on 7 February 2010
The Eastern Bloc cinema era from the late 1950s to the mid 1980s is a real treasure trove. Far from the monolithic praise of communism that one would expect, Czechoslovak and Hungarian directors in particular offer a complex appraisal of the system in which they worked. "Diary For My Children" (1982) is just such a film, blending the young female central character's quest for belonging within the wider context of Stalinist post-war purges in newly communist Hungary.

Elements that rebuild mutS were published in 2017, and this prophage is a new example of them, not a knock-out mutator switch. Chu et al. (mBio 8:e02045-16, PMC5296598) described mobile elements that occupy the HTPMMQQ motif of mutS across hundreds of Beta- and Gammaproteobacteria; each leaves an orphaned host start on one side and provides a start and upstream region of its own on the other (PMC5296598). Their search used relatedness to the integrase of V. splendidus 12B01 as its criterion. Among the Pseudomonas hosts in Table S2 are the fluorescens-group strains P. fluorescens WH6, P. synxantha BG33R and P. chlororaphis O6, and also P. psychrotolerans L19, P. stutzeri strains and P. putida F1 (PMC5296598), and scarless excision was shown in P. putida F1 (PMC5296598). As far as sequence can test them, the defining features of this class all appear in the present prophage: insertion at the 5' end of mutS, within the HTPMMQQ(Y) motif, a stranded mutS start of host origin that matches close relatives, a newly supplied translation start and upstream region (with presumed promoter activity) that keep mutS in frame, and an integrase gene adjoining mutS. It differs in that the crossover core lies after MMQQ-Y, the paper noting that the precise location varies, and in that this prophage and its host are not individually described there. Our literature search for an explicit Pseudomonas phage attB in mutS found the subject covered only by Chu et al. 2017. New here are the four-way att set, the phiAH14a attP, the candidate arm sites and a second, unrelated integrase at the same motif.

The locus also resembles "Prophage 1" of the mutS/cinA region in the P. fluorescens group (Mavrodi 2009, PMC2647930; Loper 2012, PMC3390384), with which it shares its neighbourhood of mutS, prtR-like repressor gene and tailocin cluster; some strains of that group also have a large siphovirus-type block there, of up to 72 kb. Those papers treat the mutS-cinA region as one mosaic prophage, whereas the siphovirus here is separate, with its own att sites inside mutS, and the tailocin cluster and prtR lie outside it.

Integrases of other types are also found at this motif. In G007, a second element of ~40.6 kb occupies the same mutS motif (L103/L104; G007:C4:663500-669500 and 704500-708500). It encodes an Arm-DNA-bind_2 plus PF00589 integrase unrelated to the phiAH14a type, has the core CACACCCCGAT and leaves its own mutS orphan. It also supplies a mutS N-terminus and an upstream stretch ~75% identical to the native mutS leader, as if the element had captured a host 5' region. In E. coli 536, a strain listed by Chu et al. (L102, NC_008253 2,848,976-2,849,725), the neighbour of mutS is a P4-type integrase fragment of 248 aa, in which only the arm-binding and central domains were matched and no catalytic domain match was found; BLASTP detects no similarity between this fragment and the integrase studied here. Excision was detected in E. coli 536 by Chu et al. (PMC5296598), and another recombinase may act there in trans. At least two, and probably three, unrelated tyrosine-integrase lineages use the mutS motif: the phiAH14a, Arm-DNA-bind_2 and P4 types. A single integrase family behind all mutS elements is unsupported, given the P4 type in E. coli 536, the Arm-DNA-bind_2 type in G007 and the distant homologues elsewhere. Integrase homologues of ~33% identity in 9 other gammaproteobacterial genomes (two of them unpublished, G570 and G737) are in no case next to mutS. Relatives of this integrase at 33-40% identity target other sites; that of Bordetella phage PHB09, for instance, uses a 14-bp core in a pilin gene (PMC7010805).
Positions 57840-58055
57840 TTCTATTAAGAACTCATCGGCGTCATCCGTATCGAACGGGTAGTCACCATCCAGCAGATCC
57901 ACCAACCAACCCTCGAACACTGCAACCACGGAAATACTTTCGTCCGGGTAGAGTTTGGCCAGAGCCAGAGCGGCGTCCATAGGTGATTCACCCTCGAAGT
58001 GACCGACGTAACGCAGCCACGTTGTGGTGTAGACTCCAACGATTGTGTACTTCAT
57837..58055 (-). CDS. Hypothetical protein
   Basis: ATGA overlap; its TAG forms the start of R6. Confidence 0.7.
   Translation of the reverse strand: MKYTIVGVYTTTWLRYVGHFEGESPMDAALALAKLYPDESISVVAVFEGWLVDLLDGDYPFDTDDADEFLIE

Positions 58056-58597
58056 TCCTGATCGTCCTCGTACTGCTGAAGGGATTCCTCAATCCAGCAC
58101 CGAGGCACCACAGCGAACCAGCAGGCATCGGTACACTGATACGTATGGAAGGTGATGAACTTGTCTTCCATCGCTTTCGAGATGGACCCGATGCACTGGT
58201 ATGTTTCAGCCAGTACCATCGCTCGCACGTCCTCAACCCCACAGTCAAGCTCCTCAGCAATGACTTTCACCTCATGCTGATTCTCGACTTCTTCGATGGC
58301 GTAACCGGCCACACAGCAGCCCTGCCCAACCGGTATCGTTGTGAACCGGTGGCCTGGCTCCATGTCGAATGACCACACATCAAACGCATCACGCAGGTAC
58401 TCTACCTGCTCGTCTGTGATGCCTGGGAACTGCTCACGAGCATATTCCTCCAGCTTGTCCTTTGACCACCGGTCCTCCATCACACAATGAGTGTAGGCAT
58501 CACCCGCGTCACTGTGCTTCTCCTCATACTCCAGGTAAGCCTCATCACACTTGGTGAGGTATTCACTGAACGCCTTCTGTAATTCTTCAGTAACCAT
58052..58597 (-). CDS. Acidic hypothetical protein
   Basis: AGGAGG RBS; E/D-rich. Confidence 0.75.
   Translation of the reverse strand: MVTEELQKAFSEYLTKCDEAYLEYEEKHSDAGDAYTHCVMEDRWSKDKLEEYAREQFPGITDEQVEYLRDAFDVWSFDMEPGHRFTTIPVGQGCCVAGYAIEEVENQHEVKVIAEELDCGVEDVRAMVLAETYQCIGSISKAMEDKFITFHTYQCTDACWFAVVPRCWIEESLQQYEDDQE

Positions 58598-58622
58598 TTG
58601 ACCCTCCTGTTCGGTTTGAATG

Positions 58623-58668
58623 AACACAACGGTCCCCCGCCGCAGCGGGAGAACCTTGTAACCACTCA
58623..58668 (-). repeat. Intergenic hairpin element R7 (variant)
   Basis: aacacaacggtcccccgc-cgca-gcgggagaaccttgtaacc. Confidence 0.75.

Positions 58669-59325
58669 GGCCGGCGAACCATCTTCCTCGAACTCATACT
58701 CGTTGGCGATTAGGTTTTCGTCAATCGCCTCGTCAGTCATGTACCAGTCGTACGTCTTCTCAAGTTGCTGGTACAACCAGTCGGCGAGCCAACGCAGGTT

Beautifully photographed by Milos Jancso Jr., "Diary" is presented in a pretty decent transfer by underrated publisher Second Run (although the segues between stock footage and that shot for the film is pretty jarring -not SR's fault, of course). It's a rather no frills DVD package, but it's marvellous that committed publishers such as Second Run can produce cogent collections of important and intelligent films. Once again, "Diary" is an example of how Eastern European cinema produced works with an intensity, honesty, and real audacious artistic bravery, that makes so much American and European film seem frivolous.